CMS views the world as a village-the home to many nations and peoples. In this village, it is no longer possible for the diverse peoples to live in isolation. So, in a sense, its advocacy of "globalism" is simply a response to today's reality. The CMS approach aims to break down the barriers between peoples and to open up possibilities for global cooperation. When it proclaims Jai Jagat, it is encouraging its students to embrace a global perspective and the concept of world citizenship-a concept that is symbolized in the World Citizenship Dress that is worn at the World Peace Prayer ceremony incorporated into all CMS functions, and which depicts symbols of all the major world religions and the flags of every member of the United Nations. That concept of world citizenship is not unique to CMS, of course. It was John Lennon who articulated it in an anthem oft-repeated since he first sang it more than thirty years ago: "You may say I'm a dreamer, but I'm not the only one. I hope someday you will join us, and the world will be as one."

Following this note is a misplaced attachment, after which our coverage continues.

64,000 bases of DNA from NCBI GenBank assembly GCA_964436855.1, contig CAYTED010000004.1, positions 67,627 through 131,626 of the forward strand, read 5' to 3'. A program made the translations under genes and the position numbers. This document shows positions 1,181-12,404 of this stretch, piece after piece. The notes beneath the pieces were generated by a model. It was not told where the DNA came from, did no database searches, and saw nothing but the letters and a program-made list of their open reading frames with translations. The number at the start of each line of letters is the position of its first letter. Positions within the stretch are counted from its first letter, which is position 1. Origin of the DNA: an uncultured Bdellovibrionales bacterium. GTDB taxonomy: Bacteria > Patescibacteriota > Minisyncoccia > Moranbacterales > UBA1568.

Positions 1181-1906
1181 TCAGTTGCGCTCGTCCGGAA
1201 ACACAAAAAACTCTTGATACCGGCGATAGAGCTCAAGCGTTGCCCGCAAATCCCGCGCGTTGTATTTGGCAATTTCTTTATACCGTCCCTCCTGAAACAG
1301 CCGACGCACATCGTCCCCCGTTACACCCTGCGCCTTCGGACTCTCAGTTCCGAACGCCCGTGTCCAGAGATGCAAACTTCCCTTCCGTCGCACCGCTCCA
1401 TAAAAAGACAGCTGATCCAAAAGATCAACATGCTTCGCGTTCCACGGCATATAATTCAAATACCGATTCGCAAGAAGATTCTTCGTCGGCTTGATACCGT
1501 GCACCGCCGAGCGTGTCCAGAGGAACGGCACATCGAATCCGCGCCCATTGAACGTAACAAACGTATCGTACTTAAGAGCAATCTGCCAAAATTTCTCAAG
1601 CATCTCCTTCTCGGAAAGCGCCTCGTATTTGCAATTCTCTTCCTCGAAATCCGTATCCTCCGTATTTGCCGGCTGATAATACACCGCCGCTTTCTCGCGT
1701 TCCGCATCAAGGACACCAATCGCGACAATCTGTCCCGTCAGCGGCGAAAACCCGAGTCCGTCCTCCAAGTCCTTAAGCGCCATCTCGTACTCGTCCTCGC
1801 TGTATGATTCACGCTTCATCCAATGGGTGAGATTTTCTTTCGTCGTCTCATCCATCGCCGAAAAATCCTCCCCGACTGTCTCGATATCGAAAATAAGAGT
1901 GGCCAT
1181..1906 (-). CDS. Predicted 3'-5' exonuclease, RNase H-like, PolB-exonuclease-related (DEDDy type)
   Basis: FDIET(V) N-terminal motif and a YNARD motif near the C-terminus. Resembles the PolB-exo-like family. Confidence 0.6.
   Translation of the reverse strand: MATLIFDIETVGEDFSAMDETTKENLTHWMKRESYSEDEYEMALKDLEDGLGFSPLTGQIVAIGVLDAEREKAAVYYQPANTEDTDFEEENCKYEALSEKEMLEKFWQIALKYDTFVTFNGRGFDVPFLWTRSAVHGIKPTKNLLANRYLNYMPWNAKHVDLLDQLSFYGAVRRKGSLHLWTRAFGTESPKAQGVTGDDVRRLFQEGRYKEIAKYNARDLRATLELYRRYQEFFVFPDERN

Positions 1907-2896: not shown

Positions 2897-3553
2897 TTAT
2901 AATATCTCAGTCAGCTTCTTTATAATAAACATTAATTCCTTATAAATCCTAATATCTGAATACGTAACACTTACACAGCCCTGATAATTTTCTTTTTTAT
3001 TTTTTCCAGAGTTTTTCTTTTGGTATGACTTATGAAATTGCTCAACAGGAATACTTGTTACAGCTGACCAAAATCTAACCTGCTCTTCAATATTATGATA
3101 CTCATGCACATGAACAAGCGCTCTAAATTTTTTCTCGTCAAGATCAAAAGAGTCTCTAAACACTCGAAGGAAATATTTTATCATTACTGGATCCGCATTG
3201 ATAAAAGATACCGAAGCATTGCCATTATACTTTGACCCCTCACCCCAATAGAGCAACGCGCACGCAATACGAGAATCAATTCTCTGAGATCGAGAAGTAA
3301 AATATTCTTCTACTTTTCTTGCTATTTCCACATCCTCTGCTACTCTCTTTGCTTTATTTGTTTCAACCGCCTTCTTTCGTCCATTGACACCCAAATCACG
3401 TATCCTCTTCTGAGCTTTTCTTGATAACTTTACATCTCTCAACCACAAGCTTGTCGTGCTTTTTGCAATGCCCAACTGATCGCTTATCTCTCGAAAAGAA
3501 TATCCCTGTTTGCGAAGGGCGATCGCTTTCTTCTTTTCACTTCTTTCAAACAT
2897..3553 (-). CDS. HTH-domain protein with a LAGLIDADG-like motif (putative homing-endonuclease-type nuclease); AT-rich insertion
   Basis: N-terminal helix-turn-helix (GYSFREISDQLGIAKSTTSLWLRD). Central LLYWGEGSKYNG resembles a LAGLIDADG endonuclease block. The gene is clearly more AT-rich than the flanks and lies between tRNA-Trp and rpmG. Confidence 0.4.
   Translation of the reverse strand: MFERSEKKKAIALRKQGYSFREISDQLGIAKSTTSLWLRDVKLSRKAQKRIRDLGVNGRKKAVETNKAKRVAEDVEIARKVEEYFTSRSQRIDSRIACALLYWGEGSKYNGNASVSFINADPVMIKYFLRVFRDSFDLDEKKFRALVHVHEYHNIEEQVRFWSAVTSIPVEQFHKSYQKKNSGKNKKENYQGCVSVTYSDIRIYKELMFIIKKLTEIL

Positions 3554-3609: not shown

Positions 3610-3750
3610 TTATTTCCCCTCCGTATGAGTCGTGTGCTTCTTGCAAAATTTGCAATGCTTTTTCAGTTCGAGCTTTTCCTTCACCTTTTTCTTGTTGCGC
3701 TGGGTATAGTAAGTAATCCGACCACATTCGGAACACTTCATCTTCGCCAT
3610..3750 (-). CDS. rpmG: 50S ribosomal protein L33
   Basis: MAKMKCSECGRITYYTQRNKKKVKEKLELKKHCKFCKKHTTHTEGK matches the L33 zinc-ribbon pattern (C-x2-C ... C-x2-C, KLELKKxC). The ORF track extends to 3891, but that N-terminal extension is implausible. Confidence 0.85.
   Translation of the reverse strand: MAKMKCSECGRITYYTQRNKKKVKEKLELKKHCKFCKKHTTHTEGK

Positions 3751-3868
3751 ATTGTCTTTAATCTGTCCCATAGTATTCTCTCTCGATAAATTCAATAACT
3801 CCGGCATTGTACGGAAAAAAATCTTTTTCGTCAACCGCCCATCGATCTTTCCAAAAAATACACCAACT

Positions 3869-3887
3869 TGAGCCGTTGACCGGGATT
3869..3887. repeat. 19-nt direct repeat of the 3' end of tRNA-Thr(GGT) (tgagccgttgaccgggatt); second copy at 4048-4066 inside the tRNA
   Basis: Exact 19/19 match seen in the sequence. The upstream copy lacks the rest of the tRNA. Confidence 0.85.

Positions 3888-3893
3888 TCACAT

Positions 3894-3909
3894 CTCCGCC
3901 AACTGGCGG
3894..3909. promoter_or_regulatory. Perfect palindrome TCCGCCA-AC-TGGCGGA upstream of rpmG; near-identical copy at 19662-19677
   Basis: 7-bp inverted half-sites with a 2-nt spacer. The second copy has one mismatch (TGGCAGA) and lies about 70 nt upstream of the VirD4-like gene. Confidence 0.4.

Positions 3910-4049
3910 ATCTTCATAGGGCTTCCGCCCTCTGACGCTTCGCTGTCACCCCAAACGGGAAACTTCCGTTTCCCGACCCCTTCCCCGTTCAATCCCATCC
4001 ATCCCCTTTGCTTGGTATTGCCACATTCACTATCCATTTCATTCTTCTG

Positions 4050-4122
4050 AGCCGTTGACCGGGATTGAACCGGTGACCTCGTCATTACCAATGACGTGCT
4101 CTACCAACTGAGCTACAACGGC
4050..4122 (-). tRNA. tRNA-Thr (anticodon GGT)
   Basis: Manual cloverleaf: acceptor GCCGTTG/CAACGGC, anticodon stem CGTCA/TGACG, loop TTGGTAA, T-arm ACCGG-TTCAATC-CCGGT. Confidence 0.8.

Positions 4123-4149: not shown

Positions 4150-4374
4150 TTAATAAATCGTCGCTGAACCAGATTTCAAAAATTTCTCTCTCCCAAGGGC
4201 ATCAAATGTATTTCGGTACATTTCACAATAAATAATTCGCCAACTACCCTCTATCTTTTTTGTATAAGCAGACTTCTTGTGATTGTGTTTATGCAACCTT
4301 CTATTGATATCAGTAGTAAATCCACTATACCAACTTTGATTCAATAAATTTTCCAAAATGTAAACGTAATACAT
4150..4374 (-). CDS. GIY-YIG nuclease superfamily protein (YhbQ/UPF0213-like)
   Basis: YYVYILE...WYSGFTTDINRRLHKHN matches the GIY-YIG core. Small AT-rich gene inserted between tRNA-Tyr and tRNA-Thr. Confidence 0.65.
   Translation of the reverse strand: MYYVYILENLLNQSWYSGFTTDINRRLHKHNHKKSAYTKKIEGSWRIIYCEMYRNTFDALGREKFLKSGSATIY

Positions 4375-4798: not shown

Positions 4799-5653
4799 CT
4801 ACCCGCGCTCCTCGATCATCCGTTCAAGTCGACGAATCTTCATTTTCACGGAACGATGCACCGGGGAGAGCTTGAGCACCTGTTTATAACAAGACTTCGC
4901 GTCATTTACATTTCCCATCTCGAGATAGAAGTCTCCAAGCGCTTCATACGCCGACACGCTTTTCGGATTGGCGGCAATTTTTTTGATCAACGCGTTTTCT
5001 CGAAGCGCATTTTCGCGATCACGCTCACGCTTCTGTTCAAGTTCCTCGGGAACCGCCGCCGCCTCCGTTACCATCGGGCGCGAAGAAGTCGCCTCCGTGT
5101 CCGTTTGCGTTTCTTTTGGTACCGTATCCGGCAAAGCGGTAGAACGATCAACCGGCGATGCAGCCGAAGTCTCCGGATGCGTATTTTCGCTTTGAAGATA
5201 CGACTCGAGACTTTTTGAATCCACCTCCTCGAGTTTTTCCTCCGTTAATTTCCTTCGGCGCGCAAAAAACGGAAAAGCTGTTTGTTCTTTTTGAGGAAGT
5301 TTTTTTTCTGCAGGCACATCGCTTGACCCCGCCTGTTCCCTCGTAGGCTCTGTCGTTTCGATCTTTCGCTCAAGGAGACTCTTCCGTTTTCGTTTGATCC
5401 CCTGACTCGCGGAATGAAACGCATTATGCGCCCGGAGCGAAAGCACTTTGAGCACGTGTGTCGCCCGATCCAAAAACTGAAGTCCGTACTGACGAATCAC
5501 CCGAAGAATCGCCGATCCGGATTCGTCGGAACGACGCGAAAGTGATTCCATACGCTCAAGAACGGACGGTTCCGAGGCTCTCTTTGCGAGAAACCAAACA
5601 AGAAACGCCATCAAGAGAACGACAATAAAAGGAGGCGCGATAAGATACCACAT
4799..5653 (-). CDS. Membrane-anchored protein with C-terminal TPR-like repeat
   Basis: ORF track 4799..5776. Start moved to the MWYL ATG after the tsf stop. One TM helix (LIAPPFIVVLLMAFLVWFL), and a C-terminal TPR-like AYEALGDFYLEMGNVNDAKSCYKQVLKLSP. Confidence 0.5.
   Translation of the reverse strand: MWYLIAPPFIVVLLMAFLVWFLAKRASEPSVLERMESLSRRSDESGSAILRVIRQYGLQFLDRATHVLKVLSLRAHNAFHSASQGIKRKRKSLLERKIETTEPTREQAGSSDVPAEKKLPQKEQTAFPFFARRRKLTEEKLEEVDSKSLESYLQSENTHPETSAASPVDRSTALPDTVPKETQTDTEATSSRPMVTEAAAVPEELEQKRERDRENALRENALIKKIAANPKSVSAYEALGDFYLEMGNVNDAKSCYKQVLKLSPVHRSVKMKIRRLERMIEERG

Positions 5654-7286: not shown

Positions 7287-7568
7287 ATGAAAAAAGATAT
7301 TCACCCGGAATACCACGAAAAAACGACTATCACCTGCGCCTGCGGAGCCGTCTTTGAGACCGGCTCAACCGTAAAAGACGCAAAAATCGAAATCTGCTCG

Priti Barman recently joined the staff of CMS's Department of World Unity and Peace Education. Previously, she worked as a journalist for the Times of India and ETV, a national television channel.
Raj Shekhar Chandola
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